Contributing regularly gives you the benefit of rand-cost averaging

Johann Rossouw | 11 April 2023

Johann Rossouw is an Associate Financial Planner at Fiscal Private Client Services. He holds the Certified Financial  Planner® accreditation and has a keen interest in personal finance and how financial markets affect our everyday lives.

“Is now a good time to invest?” is probably the question financial planning professionals are most asked. The truth is, we simply do not know as none of us graduated with a crystal ball.

As the father of value investing, Benjamin Graham, once said: "In the financial markets, hindsight is forever 20/20, but foresight is legally blind. And thus, for most investors, market timing is a practical and emotional impossibility." 

If you can’t time the market, what can you do?

So if market timing is a fool’s errand, how can you, as an ordinary investor, build long-term wealth without falling victim to extreme market volatility and black swan events?

A possible answer, as it turns out, is an extremely simple yet effective solution called rand-cost averaging.

Investing a lump sum of money at once can be risky, as you are essentially making a big bet on the market's performance at a point in time. Rand-cost averaging, however,  is a strategy where investors make fixed investments at regular intervals over a period of time.

The idea is that by investing a fixed amount on a regular basis, investors can take advantage of market volatility and buy more units when prices are low and fewer when prices are high.  Read more: Should I invest a lump sum or regular amounts in a unit trust fund?

Consider this example

Assume Sam and Sam’s bestie both wanted to invest R1 000 000 in the same fund on 1 March 2022. Sam wanted to invest her R1 000 000 as a once-off lump sum, as she believed that it was the perfect time to jump into the market, while Sam’s bestie was rather apprehensive and wanted to invest in 10 equal payments of R100 000 each.

The table below indicates the price per unit for the fund they chose to invest in, and the amount of units Sam and her bestie bought at that specific moment in time. On March 1 2022, Sam bought 139.84 units with her R1 000 000, while Sam’s bestie bought 13.98 units with her R100 000.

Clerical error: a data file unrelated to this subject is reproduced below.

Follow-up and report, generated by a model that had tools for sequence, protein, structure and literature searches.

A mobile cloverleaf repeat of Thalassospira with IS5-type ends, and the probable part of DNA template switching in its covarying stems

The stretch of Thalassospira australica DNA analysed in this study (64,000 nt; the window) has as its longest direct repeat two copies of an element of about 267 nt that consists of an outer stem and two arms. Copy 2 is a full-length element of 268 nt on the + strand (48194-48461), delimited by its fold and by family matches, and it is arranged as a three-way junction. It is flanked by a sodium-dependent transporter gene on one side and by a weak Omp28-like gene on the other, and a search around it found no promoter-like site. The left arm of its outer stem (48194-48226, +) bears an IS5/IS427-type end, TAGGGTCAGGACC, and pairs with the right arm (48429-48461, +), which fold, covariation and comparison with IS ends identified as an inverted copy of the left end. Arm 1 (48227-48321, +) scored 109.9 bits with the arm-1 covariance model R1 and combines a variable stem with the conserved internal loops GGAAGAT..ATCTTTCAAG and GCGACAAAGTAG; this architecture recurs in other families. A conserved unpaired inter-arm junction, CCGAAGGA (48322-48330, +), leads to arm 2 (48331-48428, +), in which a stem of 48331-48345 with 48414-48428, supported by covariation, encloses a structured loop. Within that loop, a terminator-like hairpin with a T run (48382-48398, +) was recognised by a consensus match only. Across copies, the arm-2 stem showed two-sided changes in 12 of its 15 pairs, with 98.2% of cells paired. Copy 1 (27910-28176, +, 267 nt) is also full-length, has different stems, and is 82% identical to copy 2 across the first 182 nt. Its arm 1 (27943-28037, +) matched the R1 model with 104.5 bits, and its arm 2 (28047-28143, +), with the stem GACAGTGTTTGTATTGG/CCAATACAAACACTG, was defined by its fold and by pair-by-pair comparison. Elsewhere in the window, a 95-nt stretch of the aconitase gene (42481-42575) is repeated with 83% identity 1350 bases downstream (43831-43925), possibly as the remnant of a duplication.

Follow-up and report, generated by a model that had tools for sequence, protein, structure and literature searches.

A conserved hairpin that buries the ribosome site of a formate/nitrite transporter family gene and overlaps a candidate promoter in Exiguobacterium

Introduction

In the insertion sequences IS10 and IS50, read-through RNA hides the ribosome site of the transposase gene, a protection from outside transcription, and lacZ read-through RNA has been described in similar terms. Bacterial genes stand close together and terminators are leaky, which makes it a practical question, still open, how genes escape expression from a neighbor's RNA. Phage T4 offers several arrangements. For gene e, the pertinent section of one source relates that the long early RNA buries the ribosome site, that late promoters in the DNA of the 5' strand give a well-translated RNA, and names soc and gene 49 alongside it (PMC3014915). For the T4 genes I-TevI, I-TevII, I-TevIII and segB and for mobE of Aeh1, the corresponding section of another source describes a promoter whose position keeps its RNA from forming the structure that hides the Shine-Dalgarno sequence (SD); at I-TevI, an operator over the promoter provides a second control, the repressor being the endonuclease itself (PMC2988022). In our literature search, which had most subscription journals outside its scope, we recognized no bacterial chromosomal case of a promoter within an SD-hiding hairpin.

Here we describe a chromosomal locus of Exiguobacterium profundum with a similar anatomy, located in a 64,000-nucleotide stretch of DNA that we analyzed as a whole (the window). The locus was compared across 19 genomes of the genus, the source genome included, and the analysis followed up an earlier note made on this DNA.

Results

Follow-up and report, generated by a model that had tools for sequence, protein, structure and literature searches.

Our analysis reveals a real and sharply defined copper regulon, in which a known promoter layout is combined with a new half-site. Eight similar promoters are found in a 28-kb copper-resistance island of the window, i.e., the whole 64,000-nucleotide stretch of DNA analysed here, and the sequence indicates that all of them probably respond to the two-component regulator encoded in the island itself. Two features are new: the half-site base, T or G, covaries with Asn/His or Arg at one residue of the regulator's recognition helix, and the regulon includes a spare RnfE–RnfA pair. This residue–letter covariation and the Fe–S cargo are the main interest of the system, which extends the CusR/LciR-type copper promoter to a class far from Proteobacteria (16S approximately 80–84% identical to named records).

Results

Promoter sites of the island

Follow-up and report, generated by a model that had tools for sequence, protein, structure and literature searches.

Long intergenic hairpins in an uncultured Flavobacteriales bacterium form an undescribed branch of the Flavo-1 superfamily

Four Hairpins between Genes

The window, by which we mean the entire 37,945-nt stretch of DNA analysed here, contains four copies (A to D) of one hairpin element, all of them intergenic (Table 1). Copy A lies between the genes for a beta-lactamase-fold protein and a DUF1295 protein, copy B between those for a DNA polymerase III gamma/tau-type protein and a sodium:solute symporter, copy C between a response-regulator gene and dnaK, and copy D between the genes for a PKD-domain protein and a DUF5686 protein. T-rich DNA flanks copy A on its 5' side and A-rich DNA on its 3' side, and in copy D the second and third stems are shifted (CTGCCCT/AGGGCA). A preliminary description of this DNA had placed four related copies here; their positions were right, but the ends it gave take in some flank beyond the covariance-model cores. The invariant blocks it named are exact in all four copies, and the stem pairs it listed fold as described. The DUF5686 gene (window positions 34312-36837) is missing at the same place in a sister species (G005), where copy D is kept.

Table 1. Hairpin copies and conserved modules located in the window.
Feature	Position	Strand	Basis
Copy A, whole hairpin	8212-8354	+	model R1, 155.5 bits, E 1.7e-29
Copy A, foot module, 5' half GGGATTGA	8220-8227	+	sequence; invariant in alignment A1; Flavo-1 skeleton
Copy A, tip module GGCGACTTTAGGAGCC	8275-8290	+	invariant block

Unit price Sam invested Units Sam purchased Sam's bestie invested Units Sam's bestie invested
01-Mar-22 R7 150,88 R1 000 000 139,84 R100 000 13,98
01-Apr-22 R6 988,33     R100 000 14,31
01-May-22 R6 494,05     R100 000 15,40
01-Jun-22 R6 512,09     R100 000 15,36
01-Jul-22 R6 027,26     R100 000 16,59
01-Aug-22 R6 225,18     R100 000 16,06
01-Sep-22 R6 001,94     R100 000 16,66
01-Oct-22 R6 040,94     R100 000 16,55
01-Nov-22 R6 098,02     R100 000 16,40
01-Dec-22 R6 907,50     R100 000 14,48
Total invested   R1 000 000   R1 000 000  
Total units held   139,84   155,79
Market value   R965 965,03   R1 076 150, 40

On 1 December 2022, Sam had 139.84 units (at a total value of R965 965.03), while Sam’s bestie had 155.79 units (valued at R1 076 150). By phasing her investment into the market, Sam’s bestie gained R110 185 more than Sam.

This example shows well how rand-cost averaging can benefit you when markets are moving down – the value of Sam’s investment fell from the date she purchased while Sam’s bestie, despite investing later, benefitted from the lower prices.

A smart strategy to grow wealth

In conclusion, rand-cost averaging is a smart investment strategy that can help everyday investors build their wealth over time, especially for those who don’t have a big lump sum.

By investing a fixed amount at regular intervals, investors can avoid the pitfalls of trying to time the market, take advantage of market volatility, and benefit from the power of compounding. If you're looking for a simple and effective investment strategy, rand-cost averaging is definitely worth considering. Read more: Why compounding growth is so important.

Of course, like any investment strategy, there are risks involved with rand-cost averaging. Market fluctuations, economic uncertainty, and other factors can impact the performance of your investments.  Read more: What do I need to know about investment risk?

However, by investing for the long-term and sticking to your investment plan, you can help to mitigate these risks and build a strong investment portfolio over time. As always, consider talking to a qualified financial planner, ideally a certified financial planner, who will be able to assist you with any investment related queries you might have.